Due to the ongoing coronavirus (COVID-19) crisis, Yellowcard’s copyright-infringement lawsuit against the late Juice WRLD has been delayed until July.
Digital Music News obtained an exclusive copy of the corresponding court filing, which emphasized that Juice WRLD’s family must “appoint a personal representative to act on its behalf in this lawsuit.” The search for said representative is being delayed by the COVID-19 pandemic, the document indicated, as are all “non-emergency” legal matters in the locked-down Miami-Dade County.
Besides these local lockdown measures, Florida Governor Ron DeSantis instituted a statewide stay-at-home order last Wednesday, April 1st.
And because the “defendants do not expect this situation [coronavirus-related lockdowns] will change in the near future,” they and their legal team requested a temporary delay. Now, the defendants will issue “a further status update to the Court by no later than July 1, 2020.”
Juice WRLD passed away in the early hours of the morning on December 8th, 2019. Federal agents raided his private plane shortly after it landed in Chicago, and Juice WRLD suffered an overdose while they were conducting their search. Despite receiving on-site treatment (an injection of opioid-overdose medication Naloxone) and being rushed to a local hospital, Juice WRLD perished.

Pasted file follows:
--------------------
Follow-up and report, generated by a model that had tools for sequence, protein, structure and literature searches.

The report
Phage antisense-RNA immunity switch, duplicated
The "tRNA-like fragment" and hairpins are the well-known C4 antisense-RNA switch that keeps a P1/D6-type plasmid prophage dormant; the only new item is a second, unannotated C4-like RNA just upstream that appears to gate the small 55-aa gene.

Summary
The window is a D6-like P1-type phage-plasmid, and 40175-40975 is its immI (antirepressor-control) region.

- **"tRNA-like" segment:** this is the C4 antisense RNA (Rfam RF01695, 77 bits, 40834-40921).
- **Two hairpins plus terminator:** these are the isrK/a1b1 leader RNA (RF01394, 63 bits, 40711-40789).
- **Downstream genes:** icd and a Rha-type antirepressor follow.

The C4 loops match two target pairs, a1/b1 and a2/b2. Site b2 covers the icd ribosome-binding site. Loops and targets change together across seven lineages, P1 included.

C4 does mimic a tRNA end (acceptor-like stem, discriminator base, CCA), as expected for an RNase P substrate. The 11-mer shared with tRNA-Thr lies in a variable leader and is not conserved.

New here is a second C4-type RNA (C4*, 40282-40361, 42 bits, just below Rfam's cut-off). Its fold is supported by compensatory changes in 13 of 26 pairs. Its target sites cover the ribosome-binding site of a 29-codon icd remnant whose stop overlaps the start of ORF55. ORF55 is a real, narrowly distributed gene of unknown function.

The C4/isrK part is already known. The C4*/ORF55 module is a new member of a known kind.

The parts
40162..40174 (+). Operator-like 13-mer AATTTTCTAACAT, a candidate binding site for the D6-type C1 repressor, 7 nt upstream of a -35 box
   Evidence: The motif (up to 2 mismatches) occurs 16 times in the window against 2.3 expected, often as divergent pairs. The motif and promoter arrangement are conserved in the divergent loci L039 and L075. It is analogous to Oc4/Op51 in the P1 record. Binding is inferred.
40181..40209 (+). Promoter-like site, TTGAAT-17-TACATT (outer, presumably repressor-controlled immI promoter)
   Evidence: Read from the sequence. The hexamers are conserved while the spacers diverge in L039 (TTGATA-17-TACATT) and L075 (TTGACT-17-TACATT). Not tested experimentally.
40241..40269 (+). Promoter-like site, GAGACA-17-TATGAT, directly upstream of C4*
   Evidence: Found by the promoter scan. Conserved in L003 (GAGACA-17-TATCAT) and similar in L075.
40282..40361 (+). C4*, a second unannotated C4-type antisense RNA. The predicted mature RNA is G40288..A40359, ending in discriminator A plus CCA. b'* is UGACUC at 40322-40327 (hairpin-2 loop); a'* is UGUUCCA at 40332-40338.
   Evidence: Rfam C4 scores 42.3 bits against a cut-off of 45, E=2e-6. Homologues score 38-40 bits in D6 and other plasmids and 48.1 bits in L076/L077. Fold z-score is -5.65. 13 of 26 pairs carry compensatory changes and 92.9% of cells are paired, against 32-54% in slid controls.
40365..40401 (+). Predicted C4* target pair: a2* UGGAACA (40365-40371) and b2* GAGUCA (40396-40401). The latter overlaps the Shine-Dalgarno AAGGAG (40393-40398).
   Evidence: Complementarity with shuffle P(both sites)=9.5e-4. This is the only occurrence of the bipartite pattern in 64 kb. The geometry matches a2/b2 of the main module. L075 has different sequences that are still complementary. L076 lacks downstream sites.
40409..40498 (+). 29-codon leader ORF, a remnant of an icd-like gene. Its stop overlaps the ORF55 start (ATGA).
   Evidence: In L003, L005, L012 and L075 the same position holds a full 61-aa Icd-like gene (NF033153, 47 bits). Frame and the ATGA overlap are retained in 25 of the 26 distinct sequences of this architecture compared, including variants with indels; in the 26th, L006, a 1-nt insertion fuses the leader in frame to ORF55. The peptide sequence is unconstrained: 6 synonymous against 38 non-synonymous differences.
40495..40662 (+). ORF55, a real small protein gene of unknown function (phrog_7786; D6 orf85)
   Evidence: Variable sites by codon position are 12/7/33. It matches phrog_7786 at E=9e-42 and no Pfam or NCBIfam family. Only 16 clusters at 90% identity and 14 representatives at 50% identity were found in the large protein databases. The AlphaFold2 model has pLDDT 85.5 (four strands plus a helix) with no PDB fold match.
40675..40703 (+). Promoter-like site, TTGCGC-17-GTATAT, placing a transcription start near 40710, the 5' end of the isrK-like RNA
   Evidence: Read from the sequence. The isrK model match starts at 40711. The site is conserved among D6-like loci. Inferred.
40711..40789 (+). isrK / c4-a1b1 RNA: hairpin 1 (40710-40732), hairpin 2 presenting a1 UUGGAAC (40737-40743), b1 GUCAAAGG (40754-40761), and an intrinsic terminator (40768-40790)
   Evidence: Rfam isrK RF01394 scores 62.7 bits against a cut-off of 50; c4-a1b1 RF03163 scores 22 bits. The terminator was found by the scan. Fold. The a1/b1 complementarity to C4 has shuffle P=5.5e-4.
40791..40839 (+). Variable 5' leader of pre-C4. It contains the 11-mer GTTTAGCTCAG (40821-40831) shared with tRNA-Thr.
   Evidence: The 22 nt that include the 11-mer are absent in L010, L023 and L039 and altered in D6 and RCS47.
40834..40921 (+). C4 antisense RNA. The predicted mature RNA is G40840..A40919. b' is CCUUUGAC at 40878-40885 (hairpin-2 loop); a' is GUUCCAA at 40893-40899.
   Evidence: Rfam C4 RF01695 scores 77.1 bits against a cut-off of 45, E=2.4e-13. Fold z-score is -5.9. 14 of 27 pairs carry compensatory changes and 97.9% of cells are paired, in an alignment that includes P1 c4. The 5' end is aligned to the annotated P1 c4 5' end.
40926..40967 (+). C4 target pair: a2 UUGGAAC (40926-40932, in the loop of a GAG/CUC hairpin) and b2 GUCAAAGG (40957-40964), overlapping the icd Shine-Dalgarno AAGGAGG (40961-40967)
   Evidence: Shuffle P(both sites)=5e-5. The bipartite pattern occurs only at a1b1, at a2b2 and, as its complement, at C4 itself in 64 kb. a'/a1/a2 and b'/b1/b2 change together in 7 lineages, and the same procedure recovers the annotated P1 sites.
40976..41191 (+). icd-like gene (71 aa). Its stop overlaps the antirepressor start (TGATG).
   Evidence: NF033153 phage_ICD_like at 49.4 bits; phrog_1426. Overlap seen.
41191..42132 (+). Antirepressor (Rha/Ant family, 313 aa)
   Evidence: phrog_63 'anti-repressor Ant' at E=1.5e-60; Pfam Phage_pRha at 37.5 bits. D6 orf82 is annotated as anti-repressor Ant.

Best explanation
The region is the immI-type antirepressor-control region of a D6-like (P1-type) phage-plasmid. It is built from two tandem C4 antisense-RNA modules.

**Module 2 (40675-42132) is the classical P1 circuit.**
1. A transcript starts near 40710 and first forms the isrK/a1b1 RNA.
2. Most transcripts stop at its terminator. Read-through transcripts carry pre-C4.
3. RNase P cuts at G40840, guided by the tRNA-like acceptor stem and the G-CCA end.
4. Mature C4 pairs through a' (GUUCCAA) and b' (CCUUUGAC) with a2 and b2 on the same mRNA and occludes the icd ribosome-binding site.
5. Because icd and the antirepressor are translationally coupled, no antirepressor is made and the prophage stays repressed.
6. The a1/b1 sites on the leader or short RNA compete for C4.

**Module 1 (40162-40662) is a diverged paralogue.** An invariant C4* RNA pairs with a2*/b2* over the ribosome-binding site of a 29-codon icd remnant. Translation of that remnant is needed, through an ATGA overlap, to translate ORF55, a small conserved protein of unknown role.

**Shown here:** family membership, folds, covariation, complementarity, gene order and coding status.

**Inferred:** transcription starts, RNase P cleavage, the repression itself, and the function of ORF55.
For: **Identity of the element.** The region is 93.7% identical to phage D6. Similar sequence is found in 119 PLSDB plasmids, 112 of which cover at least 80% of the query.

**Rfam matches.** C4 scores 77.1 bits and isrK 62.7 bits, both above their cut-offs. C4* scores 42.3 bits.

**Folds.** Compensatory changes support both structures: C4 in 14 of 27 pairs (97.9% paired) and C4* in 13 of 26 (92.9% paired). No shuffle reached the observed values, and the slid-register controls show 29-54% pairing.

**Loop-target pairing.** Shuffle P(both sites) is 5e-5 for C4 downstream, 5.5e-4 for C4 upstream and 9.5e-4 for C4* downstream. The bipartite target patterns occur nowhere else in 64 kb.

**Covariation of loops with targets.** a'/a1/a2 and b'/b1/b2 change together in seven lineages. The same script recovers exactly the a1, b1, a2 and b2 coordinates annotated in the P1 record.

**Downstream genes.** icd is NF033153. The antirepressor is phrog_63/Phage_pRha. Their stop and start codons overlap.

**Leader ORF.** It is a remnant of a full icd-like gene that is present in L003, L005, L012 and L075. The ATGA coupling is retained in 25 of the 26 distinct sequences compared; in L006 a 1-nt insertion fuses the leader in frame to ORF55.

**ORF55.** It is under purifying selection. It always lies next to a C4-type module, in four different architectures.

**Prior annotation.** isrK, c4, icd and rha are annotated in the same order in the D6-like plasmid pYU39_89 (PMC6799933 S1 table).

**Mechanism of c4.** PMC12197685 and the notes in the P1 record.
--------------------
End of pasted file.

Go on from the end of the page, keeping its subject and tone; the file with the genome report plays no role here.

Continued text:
In January, Juice WRLD’s family stated that they intend to release a posthumous album on their loved one’s behalf. Juice reportedly recorded 2,000 unreleased songs, though it’s unclear how many of these works will be officially made available. Eminem’s “Godzilla” marked Juice WRLD’s first musical appearance following his passing.
During the last couple of weeks, the coronavirus crisis has also prompted the delay of Yeasayer’s Black Panther copyright infringement lawsuit against The Weeknd, as well as Cardi B’s long-running “tattoo” case.
At the time of this writing, medical professionals had diagnosed approximately 1.42 million worldwide novel coronavirus cases, nearly 400,000 of which have derived from the United States. Doctors are currently weighing the prospect of implementing widespread plasma treatments, which have helped some critically ill patients to recover.